September 20, 2014

‘Here Be Fiction’ Launches: New site features ebook fiction available to schools on library-friendly terms

From

Here Be Fiction Map

A few months ago, Marie D’Onofrio, one of the school librarians I work with, told me she was going to buy some fiction ebooks. D’Onofrio, who works at Livonia (NY) High School, purchased four ebooks from Lerner’s Carolrhoda imprint. She wasn’t familiar with the titles, but took a chance anyway.

The students loved the books. That wasn’t surprising, since Carolrhoda has been producing award-winning books for more than 30 years. Still, for D’Onofrio, as for so many other school librarians, exploring fiction ebooks was a voyage into the unknown.

Why? Because the status of digital fiction in school libraries is still relatively undefined, compared with nonfiction, whose traction in schools is pretty established by now. Public libraries’ evolution toward incorporating fiction ebooks has received a lot of attention, but schools are still catching up.

Right now, K–12 offerings in fiction ebooks are largely restricted to titles from the big trade publishers offered on services such as OverDrive or packages of pre-selected titles like TumbleBooks. Our knowledge of authors and ebook titles from other fiction publishers is still foggy.

This summer, the haze will lift with the introduction of a new program called “Here Be Fiction” (HereBeFiction.org). The endeavor is a collaboration between my system, the Genesee Valley Educational Partnership, Mackin, and School Library Journal.

This is how it works. School librarians who use Here Be Fiction will be able to identify quality ebooks available from a wide variety of publishers such as Lerner, August House, and more. Users can browse ebook previews and reviews posted at HereBeFiction.org, enabling them to discover fiction from established sources. The site also offers school library-friendly licensing terms, with titles readily available for licensing by school libraries for both individual and multi-user access.

During the project’s first active phase, from July 15 to September 15, selected school librarians around the country will have free access during their summer vacations to read and review ebook fiction from participating publishers, using the secure Mackin VIA platform. Looking ahead, Here Be Fiction will again allow teachers to sample books for free during future school vacation times—and active reading phases—in the winter and spring.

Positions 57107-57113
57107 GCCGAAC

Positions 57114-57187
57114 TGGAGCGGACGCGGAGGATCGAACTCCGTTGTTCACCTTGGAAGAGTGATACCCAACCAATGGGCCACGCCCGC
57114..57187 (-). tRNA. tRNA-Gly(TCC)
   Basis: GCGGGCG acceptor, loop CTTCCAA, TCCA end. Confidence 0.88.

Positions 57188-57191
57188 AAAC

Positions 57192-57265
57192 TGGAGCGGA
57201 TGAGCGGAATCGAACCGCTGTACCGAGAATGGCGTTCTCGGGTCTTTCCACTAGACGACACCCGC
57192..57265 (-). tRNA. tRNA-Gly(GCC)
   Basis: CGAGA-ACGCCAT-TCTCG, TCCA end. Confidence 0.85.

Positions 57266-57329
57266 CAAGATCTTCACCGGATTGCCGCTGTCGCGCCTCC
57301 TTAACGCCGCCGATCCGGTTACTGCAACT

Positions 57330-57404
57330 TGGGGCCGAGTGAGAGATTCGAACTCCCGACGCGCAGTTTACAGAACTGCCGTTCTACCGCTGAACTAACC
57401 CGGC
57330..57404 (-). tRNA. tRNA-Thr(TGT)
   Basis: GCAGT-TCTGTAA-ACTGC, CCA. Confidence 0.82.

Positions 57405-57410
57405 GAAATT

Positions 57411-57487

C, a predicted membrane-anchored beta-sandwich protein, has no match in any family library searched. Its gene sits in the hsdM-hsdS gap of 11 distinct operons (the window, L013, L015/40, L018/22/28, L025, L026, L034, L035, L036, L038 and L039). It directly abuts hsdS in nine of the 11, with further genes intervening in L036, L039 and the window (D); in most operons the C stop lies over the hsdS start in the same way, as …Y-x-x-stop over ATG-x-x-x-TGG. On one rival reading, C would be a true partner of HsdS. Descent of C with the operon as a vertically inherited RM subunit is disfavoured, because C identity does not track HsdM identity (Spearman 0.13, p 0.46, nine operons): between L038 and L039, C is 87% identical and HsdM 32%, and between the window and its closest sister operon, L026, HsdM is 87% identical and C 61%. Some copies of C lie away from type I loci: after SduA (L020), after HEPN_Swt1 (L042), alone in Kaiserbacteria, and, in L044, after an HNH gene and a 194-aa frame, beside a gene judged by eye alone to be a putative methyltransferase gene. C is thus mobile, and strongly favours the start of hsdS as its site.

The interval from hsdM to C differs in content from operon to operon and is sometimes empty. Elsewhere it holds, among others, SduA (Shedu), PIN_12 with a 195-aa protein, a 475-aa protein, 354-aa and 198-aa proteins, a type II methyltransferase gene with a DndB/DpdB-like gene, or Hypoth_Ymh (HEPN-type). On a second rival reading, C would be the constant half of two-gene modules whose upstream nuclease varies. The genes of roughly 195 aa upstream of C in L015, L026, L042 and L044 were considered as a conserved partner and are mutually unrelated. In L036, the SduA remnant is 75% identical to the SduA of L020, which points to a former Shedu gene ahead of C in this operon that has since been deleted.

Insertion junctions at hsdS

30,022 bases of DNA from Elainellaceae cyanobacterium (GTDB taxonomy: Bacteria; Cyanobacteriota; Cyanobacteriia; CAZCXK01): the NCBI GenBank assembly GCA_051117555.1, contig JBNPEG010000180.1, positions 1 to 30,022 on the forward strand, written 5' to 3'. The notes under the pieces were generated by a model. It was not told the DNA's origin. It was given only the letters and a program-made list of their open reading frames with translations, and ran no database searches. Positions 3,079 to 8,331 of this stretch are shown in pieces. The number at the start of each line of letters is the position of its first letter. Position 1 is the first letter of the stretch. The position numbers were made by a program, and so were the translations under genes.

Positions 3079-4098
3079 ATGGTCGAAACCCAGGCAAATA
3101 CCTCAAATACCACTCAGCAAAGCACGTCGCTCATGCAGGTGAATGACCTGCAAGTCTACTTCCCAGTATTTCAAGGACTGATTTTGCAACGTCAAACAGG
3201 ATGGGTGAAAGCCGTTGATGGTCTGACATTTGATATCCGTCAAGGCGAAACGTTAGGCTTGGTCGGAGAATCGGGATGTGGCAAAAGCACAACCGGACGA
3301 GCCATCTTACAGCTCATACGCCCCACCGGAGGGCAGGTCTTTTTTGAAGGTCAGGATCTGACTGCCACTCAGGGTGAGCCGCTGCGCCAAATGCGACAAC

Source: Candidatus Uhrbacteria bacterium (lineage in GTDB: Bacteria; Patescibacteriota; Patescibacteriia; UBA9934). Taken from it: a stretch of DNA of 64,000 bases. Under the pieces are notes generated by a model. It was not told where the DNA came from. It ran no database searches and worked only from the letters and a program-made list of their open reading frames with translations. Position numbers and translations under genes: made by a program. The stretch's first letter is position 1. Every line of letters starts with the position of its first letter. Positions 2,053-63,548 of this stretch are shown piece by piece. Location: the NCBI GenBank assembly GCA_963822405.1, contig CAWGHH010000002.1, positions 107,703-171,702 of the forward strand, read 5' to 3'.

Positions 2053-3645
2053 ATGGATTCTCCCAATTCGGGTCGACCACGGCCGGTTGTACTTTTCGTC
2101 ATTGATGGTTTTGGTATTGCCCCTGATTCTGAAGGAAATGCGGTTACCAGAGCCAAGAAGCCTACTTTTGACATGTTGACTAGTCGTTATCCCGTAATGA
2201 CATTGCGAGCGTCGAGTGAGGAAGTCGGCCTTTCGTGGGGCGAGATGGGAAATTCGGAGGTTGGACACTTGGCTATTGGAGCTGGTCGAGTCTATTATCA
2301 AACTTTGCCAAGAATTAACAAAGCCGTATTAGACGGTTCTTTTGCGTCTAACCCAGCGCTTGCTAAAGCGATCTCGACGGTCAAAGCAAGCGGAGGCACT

Throughout the year, the website will be available to everyone, with open access to lists of titles, short previews, and reviews, all of which will help librarians and teachers find and select new content. Here Be Fiction will also feature author biographies, publisher overviews, and editorial content focusing on ways to use ebooks in classrooms and school libraries.

Active site visitors will find it easy to highlight and share books they discover via Twitter, Facebook, and Pinterest. They will also be able to create wish lists of featured books that can then be downloaded or sent directly to Mackin for a price quote.

The need for a program like Here Be Fiction has become more urgent this past year, as school librarians have faced increasing pressure to deliver ebook fiction for both student-selected reading and teacher-directed class use.

To meet school librarians’ unique needs, participating publishers must agree to three requirements:

1) They must provide either multi-user or individual access plans, with a discount for licensing multiple simultaneous readers. This way, ebooks can be used for class novels, book clubs, reading groups, and other group purposes.

2) Publishers must make ebooks available for offline access through a secure platform like Mackin VIA or a download with appropriate security. This enables the participation of students and schools with limited WiFi access.

3) They must, when possible, enable the use of text-to-speech functionality through the reading platform to support struggling readers or those with special needs.

The site launches this summer in limited beta format. Access will be made available to additional school librarian reviewers as quickly as possible.

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Christopher Harris About Christopher Harris

Christopher Harris (infomancy@gmail.com) is coordinator of the school library system of the Genesee Valley (NY) Educational Partnership.

Comments

  1. Christopher Harris says:

    Catch me at ALA for a registration code!

    • Dorcas Hand says:

      I missed the “Catch me at ALA for a registration code” opportunity, so how can I check this out after the fact?

    • Christopher Harris says:

      Submit your school email on the form on the site. We will be sending more codes later.

  2. What about the Capstone Interactive Library collection? Their ebooks are both device and platform neutral. They also provide a school (or site) specific portal that allows for simultaneous access. Probably the best selling point of all … books are purchased and owned by schools as opposed to a leasing or subscription model.

    http://www.capstonepub.com/content/DIGITAL_CIL

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